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  Age on Sunday   28 Jan 2018  A walk down coorg’s lane

A walk down coorg’s lane

Published : Jan 28, 2018, 6:10 am IST
Updated : Jan 28, 2018, 7:30 am IST

The cuisine has evolved with locally produced fresh ingredients that are available in the region, hunting and foraging.

The cuisine has evolved with locally produced fresh ingredients that are available in the region, hunting and foraging.
 The cuisine has evolved with locally produced fresh ingredients that are available in the region, hunting and foraging.

Slow-cooked meat and heaps of Kachampuli or vinegar, gives coorgi cuisine its own, unique identity, setting it apart from food from other parts of South India.

Situated in the heart of Karnataka, Coorg is not just home to breathtaking views and a beautiful weather, but also to the famed Coorg cuisine. The cuisine has evolved with locally produced fresh ingredients that are available in the region, hunting and foraging. 

Make no mistake; Coorgi cuisine is completely different from that of its neighbouring state of Kerala. It’s far more rustic, and less refined, with its own ambrosial personality. 

The preferred style of cooking is mainly slow cooking in primitive pottery, in earthenwares. Most food is prepared with a few key ingredients because of the climatic conditions of Coorg. Pork — especially wild boar — and Kachampuli, or Coorgi vinegar, are the most commonly used ingredients. Interestingly, the meats are cooked over slow flame using their fats, instead of oil. Kachampuli is a strong and viscous variety of syrup, derived from Kodambuli, a fruit. The vinegar offsets the acidic taste and adds a characteristic flavour to the dishes. 

However, given that the cuisine isn’t as well known to most of the country, there are various myths about Coorgi cuisine that people believe. Many are under the assumption that coffee can be used to prepare Coorgi food, which is incorrect. Neither does Kerala have any kind of influence on their cuisine.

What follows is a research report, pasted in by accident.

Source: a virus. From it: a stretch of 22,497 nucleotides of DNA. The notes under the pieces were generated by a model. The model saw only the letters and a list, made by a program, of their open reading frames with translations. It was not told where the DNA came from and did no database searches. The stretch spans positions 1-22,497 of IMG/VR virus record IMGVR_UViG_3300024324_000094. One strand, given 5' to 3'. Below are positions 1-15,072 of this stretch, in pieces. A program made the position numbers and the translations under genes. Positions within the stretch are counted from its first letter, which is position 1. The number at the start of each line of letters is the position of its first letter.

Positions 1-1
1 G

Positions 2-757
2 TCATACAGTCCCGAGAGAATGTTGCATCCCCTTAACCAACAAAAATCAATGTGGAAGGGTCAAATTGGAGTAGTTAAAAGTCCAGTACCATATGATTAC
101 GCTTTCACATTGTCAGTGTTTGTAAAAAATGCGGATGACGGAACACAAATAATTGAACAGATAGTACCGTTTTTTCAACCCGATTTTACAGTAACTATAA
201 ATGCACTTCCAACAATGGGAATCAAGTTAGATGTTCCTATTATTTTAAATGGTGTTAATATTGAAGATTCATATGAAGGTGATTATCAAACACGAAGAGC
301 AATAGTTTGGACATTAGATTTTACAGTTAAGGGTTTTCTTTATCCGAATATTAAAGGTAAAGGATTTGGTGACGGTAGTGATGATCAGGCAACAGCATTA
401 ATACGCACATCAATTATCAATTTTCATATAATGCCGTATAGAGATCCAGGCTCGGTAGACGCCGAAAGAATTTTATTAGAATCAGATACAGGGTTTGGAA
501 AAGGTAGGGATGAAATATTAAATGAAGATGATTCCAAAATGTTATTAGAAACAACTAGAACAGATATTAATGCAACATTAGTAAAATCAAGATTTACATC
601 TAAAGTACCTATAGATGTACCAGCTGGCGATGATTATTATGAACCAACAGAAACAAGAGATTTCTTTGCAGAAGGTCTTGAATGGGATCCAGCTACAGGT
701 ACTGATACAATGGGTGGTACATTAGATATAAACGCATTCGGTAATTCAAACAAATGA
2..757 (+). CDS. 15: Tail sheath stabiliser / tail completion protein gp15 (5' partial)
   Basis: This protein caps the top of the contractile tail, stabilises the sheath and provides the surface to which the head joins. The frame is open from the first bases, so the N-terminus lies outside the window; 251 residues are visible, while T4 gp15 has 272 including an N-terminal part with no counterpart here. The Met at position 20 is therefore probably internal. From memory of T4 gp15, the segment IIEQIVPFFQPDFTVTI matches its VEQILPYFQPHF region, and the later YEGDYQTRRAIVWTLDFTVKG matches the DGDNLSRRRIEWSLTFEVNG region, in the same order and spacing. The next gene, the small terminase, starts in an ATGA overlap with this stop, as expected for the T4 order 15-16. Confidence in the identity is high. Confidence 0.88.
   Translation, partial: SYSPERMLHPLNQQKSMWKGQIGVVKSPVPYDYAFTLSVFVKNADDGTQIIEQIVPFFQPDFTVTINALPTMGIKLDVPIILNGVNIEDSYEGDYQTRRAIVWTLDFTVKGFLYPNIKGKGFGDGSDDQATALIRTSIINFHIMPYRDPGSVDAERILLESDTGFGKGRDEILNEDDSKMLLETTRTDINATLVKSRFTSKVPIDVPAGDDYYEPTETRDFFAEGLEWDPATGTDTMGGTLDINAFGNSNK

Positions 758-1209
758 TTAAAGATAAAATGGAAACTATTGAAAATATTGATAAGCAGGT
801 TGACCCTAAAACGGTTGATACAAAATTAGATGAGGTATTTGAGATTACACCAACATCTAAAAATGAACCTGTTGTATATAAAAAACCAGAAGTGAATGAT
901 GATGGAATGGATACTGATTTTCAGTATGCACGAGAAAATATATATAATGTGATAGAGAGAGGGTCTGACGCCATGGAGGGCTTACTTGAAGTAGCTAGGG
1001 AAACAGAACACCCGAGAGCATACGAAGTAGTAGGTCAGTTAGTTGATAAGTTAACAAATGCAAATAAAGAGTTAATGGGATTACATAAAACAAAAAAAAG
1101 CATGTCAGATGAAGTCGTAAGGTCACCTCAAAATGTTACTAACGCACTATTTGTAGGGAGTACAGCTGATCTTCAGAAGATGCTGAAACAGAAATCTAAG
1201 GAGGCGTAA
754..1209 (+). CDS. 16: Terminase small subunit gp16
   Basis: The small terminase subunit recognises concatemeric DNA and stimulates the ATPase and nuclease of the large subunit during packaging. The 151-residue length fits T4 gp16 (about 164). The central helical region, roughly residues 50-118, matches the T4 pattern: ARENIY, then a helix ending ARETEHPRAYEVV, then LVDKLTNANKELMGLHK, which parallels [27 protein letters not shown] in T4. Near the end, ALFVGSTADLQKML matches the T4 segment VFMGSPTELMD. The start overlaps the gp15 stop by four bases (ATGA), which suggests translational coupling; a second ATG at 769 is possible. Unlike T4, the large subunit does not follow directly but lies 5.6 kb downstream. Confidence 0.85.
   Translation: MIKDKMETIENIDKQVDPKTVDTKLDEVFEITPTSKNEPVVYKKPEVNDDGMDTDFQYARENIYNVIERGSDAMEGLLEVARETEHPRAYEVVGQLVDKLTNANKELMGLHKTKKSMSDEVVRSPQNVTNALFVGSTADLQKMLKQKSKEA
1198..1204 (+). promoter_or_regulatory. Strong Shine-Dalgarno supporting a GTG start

Unfortunately, because the cuisine is yet to be explored on a mass scale, it’s not had much of an impact in India. By increasing awareness of this cuisine amongst gourmet diners, especially about its imperative flavours and uniqueness, Coorgi cuisine will finally have its day in the sun. 


Kadambuttu (Steamed rice dumplings)

1 cup Broken rice rava
2 cups Water
½ tsp Salt
Some butter
A few fenugreek seeds, roasted and powdered

Boil the water with salt. For one measure of broken rice, take two measures of water.
Add the fine broken rice rava and stir continuously, so that no lumps are formed. Add fenugreek powder. 
Keep stirring till rava is cooked, and all the water is absorbed. It should leave the mixture with a dough-like consistency. 
The process will take 30 minutes. Remove from fire and allow it to cool. 
Spread out on a plate and knead it a little with greased palms.
Roll it into lime sized round balls between your palms, rubbing a little melted butter to it. 
Wrap up these balls in a damp muslin cloth, and steam for 10-15 minutes. 
Kadambuttu is best served with Pandi Curry. 


Pandi Curry (Pork Curry)

1 kg Pork
1 tsp Chilli powder
1 tsp Turmeric powder
400 gm Onion, chopped
50 gm Ginger
50 gm Garlic
10 nos Bird’s eye chilli
50 gm Coriander leaves
4 tbsp Coorgi pork masala powder
3 tbsp Kachampuli
Salt to taste

Cut the pork into medium-sized pieces. Wash and smear them with turmeric, chilly powder and salt. 
Coarse grind the chillies, onions, ginger, garlic and coriander. 
Sauté the marinated meat in a vessel slightly. 
Add the green masala and a cup of hot water to it. n Let it cook for 10-15 minutes, so that the masala is completely absorbed by the meat.
When almost cooked, add the powdered spice masala. If cooking in a pressure cooker, you can add the spice masala at the beginning, but in an open vessel, you can add it later. 
Simmer and allow it to cook; the colour will keep getting darker.
After the meat is well cooked (dark blackish-brown in appearance, with a slight glaze), add the Kachampuli and remove from the fire. 
There should be a thick gravy for the curry.


Mudre Pajji (Horsegram chutney)

100 gm Horsegram
50 gm Dry coconut
2 tbsp Onions, chopped
3 nos Dry red chilli
A small ball of Tamarind Salt, to taste

For tempering: 
5 gm Mustard seeds
20 ml Oil
10 nos Curry leaves
2 nos Dry red chilli

Dry roast horsegram in a pan till it is reddish brown. When it starts popping, it indicates that it’s almost done. Remove from the fire. 
Once the horsegram is cold, add it to a food processor. Put in the rest of the ingredients and process well. 
Take the coarse paste and transfer it to a bowl. 
Add to it tempered mustard, curry leaves and red chillies. 

Saurabh is the head chef of Massive Restaurants

Tags: coorg, kachampuli